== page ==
Never have I ever related so much to a character. Okay, her background is TOTALLY different, but her general outlook is so exactly the same. Her choices are so similar and the reasoning for choosing them are so similar. It was crazy.
The rest of the characters were great in their own way as well. I loved the inclusion of love interests but that it wasn’t the basis of the story and the lack of love triangle. The love interests weren’t unnecessarily complicated. The family and their dynamic was interesting. The roommate was fun. The point on which the plot was based wasn’t obvious in the beginning but made good sense as the story went on. I really have no complaints about this book at all.
Anyone who has even been a fangirl (or fanboy) can really relate to this book, too. I’ve never written fanfic, but I’ve spent more time than I should wondering what it would be like to live in the worlds that authors create for us, especially those in science fiction and fantasy. I have several fandoms and I totally get where our protagonist is coming from in both her devotion to her fandom and her feelings about talking to people in person about them. I did also appreciate that Rowell created her own fandom for her characters to love rather than use an existing one. It makes the experience the core of the story and doesn’t let which fandom the reader is part of interfere with your enjoyment of it.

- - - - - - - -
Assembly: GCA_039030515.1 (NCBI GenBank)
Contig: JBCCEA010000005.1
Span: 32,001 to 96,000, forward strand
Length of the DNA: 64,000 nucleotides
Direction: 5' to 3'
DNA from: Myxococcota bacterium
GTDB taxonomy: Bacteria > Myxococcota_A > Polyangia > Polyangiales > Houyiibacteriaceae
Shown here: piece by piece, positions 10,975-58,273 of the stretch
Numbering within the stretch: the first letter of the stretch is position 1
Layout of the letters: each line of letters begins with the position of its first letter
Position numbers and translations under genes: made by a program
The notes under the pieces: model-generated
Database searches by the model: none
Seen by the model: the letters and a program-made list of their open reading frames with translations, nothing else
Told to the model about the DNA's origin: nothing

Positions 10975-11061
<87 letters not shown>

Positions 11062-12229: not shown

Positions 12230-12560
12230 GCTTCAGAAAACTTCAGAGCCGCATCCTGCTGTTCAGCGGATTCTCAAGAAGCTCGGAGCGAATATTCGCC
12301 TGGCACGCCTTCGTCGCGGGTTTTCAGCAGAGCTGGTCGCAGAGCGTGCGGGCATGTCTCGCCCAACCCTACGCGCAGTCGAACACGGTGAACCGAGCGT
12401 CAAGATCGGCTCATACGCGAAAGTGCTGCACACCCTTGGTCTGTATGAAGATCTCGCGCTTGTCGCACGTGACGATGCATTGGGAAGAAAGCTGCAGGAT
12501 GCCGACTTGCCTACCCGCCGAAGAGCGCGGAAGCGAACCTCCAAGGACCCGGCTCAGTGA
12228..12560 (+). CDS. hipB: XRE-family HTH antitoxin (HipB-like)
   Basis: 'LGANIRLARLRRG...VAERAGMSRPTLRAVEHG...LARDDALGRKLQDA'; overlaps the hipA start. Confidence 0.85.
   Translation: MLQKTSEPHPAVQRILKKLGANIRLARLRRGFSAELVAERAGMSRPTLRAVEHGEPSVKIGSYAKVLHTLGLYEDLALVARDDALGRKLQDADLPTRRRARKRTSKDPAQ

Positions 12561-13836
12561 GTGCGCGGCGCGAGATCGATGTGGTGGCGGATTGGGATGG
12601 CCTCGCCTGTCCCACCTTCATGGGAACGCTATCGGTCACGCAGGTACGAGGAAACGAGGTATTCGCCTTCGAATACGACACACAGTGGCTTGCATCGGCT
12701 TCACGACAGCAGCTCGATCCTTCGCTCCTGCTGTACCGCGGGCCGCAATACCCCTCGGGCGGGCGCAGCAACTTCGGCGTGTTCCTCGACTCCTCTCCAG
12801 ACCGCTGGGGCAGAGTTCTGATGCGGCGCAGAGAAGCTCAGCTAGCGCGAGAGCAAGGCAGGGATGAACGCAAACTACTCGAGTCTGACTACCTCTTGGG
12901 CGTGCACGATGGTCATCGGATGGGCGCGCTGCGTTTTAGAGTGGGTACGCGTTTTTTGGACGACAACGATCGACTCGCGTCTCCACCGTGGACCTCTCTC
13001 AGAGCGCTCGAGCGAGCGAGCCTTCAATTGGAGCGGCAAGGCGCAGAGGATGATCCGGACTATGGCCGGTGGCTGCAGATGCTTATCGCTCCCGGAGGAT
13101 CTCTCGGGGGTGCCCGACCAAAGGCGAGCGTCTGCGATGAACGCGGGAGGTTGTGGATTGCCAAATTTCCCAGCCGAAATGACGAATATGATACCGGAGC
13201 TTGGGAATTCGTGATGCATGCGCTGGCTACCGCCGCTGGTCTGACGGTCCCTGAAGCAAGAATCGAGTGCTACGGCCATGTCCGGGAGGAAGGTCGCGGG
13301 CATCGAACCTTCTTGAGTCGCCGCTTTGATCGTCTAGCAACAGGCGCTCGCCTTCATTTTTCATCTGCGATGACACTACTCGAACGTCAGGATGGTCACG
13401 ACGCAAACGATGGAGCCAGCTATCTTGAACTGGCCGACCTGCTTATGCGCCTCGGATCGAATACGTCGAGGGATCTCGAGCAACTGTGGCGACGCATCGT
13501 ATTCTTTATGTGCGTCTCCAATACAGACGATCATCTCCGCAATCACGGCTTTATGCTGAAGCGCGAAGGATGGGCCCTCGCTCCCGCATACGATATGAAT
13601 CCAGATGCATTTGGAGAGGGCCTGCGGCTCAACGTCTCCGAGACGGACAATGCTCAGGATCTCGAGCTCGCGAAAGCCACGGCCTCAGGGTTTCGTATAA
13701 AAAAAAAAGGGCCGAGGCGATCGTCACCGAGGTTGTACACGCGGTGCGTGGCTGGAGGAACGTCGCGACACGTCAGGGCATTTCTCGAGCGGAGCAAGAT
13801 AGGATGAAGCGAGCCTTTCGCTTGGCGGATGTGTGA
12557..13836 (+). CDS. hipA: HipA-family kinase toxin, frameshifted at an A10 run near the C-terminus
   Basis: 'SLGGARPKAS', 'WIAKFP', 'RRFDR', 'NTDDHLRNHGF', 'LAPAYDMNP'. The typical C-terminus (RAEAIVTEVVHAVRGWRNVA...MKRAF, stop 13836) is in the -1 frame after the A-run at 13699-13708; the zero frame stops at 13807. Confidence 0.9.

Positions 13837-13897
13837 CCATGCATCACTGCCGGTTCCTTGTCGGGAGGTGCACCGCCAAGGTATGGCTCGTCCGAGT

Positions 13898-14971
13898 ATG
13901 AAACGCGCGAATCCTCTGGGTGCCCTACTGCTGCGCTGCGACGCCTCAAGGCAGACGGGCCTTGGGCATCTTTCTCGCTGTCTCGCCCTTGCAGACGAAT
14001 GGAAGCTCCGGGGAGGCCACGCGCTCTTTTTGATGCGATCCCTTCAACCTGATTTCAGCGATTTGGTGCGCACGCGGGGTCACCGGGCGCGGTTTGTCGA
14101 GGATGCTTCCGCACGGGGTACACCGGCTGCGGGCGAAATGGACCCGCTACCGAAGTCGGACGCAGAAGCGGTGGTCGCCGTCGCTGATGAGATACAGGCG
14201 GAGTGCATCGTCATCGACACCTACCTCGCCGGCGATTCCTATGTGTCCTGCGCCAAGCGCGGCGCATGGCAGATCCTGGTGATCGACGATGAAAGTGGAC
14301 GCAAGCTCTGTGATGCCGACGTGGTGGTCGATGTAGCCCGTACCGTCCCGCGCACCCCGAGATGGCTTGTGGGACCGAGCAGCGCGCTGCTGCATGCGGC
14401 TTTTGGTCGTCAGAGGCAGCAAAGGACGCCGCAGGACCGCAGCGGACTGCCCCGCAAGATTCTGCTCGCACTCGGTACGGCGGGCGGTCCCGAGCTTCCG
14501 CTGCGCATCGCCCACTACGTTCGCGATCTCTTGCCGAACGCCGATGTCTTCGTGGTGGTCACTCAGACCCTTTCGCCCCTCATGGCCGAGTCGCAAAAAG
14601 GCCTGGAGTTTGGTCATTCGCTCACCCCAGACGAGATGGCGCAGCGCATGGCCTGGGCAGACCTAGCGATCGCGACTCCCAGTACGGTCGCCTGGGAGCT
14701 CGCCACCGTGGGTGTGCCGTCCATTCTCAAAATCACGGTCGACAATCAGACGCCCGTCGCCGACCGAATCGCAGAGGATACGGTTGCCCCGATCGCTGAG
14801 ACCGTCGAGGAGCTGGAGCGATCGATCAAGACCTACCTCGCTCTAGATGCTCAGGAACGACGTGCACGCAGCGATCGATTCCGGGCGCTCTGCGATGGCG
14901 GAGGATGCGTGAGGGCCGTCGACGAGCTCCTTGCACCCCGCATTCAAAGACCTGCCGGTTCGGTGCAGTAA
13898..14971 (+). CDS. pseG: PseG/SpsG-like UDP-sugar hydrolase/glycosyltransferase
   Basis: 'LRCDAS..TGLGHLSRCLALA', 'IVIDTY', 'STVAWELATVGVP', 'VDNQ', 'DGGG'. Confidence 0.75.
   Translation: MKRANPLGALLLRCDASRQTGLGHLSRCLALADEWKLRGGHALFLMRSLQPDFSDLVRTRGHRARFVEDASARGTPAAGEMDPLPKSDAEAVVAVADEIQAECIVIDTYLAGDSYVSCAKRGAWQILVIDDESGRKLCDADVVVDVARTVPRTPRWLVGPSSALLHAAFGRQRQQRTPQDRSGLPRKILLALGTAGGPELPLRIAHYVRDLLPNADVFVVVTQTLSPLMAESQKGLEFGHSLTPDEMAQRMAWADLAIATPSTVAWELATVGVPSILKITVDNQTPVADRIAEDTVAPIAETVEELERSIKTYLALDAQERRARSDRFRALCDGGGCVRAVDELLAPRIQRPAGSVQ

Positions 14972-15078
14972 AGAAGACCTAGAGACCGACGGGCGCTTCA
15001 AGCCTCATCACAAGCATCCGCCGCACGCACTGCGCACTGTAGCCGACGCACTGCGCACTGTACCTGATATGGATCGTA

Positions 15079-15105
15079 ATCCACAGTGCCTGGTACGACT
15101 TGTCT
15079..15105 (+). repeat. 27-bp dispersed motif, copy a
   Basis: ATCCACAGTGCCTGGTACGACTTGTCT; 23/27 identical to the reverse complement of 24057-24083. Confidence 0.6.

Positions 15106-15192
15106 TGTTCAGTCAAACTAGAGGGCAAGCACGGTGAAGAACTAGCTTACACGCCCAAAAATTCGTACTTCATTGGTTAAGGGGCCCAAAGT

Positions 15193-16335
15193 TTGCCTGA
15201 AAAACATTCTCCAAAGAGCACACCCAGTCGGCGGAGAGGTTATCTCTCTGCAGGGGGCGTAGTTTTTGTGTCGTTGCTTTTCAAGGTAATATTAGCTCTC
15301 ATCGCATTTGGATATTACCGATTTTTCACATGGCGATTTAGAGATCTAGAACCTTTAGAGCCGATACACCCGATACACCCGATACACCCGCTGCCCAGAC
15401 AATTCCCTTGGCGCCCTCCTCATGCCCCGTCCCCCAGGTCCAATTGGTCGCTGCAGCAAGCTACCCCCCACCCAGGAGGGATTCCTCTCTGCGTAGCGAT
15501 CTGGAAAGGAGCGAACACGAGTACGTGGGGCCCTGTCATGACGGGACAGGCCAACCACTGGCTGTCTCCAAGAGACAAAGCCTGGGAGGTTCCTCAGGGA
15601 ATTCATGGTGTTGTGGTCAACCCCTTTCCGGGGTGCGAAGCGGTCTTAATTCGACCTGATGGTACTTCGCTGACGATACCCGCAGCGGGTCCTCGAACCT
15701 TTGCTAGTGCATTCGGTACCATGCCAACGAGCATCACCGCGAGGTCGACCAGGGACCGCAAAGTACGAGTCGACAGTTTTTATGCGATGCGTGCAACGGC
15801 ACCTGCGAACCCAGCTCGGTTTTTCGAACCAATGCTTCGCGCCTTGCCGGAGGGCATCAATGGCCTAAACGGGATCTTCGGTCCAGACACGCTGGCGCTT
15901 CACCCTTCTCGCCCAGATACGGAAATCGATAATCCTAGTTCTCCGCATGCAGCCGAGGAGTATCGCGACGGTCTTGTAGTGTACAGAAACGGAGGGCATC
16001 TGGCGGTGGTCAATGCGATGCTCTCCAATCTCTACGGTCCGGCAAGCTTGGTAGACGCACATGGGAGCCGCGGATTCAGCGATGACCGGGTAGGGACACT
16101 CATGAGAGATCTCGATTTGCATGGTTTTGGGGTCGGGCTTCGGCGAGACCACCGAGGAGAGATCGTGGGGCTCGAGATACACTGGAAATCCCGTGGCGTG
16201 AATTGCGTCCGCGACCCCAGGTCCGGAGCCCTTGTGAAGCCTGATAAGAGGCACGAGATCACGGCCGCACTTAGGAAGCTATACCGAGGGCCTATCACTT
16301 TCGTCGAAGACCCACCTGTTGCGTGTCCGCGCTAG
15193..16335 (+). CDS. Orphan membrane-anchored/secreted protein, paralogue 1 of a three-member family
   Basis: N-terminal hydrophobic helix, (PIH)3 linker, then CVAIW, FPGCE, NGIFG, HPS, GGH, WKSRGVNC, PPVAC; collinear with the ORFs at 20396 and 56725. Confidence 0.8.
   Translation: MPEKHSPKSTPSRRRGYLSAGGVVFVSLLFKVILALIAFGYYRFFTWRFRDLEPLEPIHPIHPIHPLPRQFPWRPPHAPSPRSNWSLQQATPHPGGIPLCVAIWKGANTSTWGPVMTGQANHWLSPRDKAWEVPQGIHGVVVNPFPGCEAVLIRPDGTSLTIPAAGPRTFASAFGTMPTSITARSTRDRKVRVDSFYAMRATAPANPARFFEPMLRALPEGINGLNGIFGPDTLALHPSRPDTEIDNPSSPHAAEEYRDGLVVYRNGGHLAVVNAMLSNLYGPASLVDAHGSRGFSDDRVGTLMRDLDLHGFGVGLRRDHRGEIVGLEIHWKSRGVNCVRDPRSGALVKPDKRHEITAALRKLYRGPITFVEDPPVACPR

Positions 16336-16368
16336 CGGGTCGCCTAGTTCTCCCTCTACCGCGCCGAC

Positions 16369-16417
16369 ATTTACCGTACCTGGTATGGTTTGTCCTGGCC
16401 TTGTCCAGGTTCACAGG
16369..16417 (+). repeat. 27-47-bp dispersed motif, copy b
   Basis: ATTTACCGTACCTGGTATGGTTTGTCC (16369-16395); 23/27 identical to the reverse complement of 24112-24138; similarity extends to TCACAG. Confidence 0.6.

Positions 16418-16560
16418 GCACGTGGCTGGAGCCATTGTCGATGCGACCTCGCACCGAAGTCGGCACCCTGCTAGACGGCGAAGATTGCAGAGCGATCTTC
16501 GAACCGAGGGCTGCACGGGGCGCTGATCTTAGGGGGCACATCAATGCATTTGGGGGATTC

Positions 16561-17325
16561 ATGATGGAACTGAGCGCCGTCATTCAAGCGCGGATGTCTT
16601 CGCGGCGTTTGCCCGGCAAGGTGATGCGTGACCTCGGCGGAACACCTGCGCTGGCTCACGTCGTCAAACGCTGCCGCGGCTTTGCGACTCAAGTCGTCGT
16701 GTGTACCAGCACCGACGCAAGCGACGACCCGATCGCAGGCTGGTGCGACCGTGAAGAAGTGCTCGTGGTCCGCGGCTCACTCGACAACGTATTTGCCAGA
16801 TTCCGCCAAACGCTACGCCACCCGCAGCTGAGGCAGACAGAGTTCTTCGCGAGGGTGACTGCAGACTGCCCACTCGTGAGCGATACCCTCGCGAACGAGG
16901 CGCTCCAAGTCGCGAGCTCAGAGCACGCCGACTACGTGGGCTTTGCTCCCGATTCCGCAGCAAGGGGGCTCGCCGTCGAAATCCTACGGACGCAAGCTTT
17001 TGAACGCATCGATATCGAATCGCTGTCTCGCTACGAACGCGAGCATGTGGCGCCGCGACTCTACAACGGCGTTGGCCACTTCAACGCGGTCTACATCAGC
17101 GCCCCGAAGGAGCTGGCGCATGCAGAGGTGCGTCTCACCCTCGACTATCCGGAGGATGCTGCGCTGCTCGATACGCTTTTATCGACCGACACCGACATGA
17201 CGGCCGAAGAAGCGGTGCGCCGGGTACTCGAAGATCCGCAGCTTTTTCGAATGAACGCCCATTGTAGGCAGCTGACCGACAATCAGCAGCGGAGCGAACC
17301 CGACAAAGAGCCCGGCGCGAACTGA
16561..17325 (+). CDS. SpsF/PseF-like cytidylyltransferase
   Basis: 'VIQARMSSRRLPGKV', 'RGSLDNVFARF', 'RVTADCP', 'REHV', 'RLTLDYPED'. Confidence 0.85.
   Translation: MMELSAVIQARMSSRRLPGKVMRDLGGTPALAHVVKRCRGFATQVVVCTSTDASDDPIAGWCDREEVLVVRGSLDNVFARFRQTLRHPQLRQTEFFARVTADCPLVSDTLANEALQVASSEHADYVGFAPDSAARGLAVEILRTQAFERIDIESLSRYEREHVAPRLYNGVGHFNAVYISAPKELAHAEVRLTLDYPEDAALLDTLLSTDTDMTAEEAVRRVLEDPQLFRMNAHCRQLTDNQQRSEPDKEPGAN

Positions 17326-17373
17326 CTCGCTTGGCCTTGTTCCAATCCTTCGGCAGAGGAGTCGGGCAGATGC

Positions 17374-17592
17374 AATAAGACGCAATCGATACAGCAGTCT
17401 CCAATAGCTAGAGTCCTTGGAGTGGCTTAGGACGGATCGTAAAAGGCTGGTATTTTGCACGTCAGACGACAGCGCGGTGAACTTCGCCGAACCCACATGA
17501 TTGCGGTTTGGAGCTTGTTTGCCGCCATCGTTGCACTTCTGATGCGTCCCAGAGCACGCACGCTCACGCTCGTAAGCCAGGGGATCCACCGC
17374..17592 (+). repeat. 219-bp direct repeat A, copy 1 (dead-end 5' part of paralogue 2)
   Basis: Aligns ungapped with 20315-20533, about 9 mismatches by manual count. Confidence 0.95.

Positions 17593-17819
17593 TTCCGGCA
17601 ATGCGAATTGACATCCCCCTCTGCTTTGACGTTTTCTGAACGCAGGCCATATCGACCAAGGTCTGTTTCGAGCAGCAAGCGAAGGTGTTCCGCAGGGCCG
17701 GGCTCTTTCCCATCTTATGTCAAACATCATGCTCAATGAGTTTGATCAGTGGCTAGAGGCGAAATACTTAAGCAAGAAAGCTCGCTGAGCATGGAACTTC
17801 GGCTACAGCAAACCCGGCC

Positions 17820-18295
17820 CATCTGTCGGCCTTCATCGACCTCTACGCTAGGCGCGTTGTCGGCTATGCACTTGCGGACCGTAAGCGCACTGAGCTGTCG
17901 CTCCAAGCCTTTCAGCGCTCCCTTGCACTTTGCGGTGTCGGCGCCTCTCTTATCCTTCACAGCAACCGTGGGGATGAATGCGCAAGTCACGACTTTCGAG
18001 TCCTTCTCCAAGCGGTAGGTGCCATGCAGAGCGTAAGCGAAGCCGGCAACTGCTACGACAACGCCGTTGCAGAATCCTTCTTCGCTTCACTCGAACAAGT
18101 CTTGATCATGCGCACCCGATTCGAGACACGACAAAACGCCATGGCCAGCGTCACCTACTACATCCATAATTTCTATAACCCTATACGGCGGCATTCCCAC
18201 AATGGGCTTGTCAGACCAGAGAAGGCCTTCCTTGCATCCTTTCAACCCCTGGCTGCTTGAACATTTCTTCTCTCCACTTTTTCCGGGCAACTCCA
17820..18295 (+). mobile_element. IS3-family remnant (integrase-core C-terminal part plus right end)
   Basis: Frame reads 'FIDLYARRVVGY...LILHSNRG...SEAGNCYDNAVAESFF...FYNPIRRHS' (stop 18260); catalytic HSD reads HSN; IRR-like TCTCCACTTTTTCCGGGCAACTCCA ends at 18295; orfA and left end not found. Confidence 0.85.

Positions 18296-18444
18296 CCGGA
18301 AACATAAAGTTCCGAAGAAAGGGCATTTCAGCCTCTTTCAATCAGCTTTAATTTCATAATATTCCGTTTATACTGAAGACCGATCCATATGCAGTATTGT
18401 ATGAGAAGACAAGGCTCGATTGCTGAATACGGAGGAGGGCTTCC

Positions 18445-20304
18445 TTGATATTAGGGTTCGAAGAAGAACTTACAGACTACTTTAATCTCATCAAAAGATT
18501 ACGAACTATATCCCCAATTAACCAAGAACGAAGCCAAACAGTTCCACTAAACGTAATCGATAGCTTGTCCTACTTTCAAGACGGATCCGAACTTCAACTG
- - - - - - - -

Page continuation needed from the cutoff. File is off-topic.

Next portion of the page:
The book is mostly narrated by Rebecca Lowman, who is great. She’s done lots of other books and appears to be Rowell’s go-to. Click here for her AudioFile Magazine Spotlight.
This book sits right outside of YA territory. It’s a great read for those who do enjoy that genre, as well as anyone who enjoys a more mature protagonist, and even those who normally read the more adult novels. Our protagonist deals with more in life than a typical YA and I think most adults can relate to some of her struggles, or at least fondly remember that freshman year of college as she blunders through it.